Recreating outdoors, having clean water to irrigate, fresh produce, and enjoying our rivers is an important part of Western Colorado’s way of life, and we are here to help make sure that happens.
GRAND JUNCTION, Colo. (PRWEB) July 02, 2020
There’s a new team in charge of managing stormwater in Mesa County and ensuring that all stormwater that drains back to the Colorado River is clean. Mesa County Public Works Stormwater Division, formed in April 2020, took on this big task when the collaborative agency known as the 521 Drainage District officially dissolved. Stormwater oversight in the valley is not only necessary to comply with the Federal Clean Water Act under the National Pollutant Discharge Elimination System (NPDES) and the Colorado Department of Health and Environment, but is also required to help protect our rivers and wildlife from unwanted toxins and pollutants. After all, every storm drain in the Grand Valley goes back to the river.
Mesa County has a full Stormwater Division, including the Regulatory Programs Manager, Carrie Gudorf, Stormwater Coordinator Josh Martinez, and Stormwater Inspector, Rob Hale. These positions are necessary to fully comply with the Colorado Discharge Permit System Phase (CDPS) Phase II MS4 Stormwater permit. The Mesa County Stormwater Division has implemented five necessary required control measures to ensure compliance: (1) Public Education and Outreach; (2) Illicit Discharge Detection and Elimination; (3) Construction Sites; (4) Post Construction Sites; (5) Pollution Prevention and Good Housekeeping for Municipal Operations. The Stormwater Division will focus on educating the public, responding to illicit discharges, completing construction stormwater inspections, overseeing the post construction stormwater quality control inspection and completing the required training for municipal operations. All of these components are necessary to ensure clean stormwater enters our storm drains. “Recreating outdoors, having clean water to irrigate, fresh produce, and enjoying our rivers is an important part of Western Colorado’s way of life, and we are here to help make sure that happens,” said Josh Martinez, Stormwater Coordinator.
Mesa County Stormwater Division will be diligently working to educate the public on the harmful effects of everyday waste and to teach the community ways that we can take action in our day-to-day life. “Small actions make a big difference when improving water quality,” said Martinez. “We have created a list of small actions each of us can do to be better stewards of our waterways and to give people ideas of how they can help with the mission.” This list includes:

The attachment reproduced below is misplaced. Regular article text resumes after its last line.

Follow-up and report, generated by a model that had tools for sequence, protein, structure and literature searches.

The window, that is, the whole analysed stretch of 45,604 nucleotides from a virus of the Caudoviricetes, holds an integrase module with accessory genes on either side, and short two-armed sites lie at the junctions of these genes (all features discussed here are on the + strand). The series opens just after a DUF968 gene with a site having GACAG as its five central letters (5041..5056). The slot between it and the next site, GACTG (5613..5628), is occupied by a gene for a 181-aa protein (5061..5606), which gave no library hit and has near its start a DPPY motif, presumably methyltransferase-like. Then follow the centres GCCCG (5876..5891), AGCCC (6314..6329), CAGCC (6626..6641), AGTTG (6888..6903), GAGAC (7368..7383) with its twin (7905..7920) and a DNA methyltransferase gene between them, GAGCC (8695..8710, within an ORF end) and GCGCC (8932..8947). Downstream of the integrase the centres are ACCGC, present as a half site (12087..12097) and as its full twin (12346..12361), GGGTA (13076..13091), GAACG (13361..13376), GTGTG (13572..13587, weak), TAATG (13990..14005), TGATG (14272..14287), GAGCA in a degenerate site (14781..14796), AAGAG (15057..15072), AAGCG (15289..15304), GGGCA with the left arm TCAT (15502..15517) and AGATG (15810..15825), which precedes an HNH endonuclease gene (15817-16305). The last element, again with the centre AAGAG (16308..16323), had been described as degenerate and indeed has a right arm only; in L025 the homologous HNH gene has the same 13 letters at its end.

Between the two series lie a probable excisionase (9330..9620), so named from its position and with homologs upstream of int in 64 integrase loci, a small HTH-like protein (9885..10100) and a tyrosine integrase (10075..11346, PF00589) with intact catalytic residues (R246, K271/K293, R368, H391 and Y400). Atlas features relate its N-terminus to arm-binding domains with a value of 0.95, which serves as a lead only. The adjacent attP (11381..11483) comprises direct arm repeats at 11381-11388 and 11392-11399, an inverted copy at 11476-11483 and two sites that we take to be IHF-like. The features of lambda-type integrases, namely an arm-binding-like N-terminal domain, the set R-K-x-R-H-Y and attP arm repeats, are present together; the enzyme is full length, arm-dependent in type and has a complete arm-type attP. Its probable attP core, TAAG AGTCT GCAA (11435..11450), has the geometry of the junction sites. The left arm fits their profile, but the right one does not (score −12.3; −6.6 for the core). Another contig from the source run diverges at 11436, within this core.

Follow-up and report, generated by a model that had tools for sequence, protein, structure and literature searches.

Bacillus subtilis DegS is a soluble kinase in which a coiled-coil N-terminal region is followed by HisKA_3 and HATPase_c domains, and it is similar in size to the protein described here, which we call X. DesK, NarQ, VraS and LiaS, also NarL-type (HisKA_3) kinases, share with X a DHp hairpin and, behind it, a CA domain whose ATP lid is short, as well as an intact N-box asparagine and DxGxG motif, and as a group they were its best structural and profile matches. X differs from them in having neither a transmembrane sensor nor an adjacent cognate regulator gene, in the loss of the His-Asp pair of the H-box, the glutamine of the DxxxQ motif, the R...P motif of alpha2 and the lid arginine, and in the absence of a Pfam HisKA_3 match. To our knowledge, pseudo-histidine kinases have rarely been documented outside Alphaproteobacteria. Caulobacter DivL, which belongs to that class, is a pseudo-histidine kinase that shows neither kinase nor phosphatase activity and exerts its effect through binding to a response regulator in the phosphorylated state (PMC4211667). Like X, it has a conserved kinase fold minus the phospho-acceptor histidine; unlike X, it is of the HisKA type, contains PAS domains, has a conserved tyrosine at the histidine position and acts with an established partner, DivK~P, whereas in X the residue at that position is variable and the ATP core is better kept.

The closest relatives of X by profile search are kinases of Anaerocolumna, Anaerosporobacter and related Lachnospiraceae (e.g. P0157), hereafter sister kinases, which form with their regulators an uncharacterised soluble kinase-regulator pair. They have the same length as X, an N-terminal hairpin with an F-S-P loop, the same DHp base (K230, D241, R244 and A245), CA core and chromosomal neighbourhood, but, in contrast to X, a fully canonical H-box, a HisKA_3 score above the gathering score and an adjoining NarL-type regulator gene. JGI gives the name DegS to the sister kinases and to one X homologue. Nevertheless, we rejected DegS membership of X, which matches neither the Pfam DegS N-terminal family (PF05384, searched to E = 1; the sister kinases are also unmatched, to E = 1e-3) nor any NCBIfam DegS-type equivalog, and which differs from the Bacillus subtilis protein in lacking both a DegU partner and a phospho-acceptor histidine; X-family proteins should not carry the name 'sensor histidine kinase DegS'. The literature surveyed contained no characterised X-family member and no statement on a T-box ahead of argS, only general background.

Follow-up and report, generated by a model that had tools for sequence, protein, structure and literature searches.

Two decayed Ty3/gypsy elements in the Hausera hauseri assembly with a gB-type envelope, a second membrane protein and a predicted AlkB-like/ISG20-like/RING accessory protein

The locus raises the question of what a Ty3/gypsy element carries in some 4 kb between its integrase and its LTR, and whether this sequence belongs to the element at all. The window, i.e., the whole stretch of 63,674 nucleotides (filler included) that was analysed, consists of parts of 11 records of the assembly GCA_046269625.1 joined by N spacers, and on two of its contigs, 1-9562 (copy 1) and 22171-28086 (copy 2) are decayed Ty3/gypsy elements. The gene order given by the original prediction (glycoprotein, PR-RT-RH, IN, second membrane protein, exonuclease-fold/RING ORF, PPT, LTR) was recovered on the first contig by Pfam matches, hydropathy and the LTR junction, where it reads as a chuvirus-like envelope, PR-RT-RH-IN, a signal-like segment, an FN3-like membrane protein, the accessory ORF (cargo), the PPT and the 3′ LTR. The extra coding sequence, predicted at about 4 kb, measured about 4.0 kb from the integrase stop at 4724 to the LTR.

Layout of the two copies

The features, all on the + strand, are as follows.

- Cleaning up after your pet so waste does not wash into storm drains.
- Shovel your snow in the winter instead of salting it.
- Recycle your used oil if you change your oil at home or use a professional oil changing business.
- Wash your car at a professional carwash so soapy water doesn’t run down the driveway.
- Wait to fertilize your lawn until after it rains or on a clear dry day.
- Take your yard clippings, including, grass, leaves, dirt and tree bark to the Mesa County Compost Facility instead of sweeping them into the gutters.
In the Grand Valley, all storm drains go directly to the river. Help us protect our rivers and our beautiful Colorado community. If you witness illegal dumping or activities that are environmentally harmful to our rivers, please contact the Mesa County Stormwater Division Hotline at: 970-263-8201 or send an email to: firstname.lastname@example.org. A representative from the Stormwater Division will follow up with the responsible parties. For more information, helpful tips, or to make an online hotline report, visit: email@example.com.
About Mesa County Public Works Stormwater Division –
Mesa County has intergovernmental agreements with the City of Grand Junction, City of Fruita, and the Town of Palisade to implement, administrate, and enforce all aspects of the Colorado Discharge Permit System Phase II MS4 Stormwater Program.
Mesa County Stormwater Division is committed to managing a proactive Stormwater Program to improve the quality of runoff entering the storm sewer system and receiving streams. The Stormwater Program is regulated by the Clean Water Act under the National Pollutant Discharge Elimination System (NPDES) and is administered by the Colorado Department of Public Health and Environment.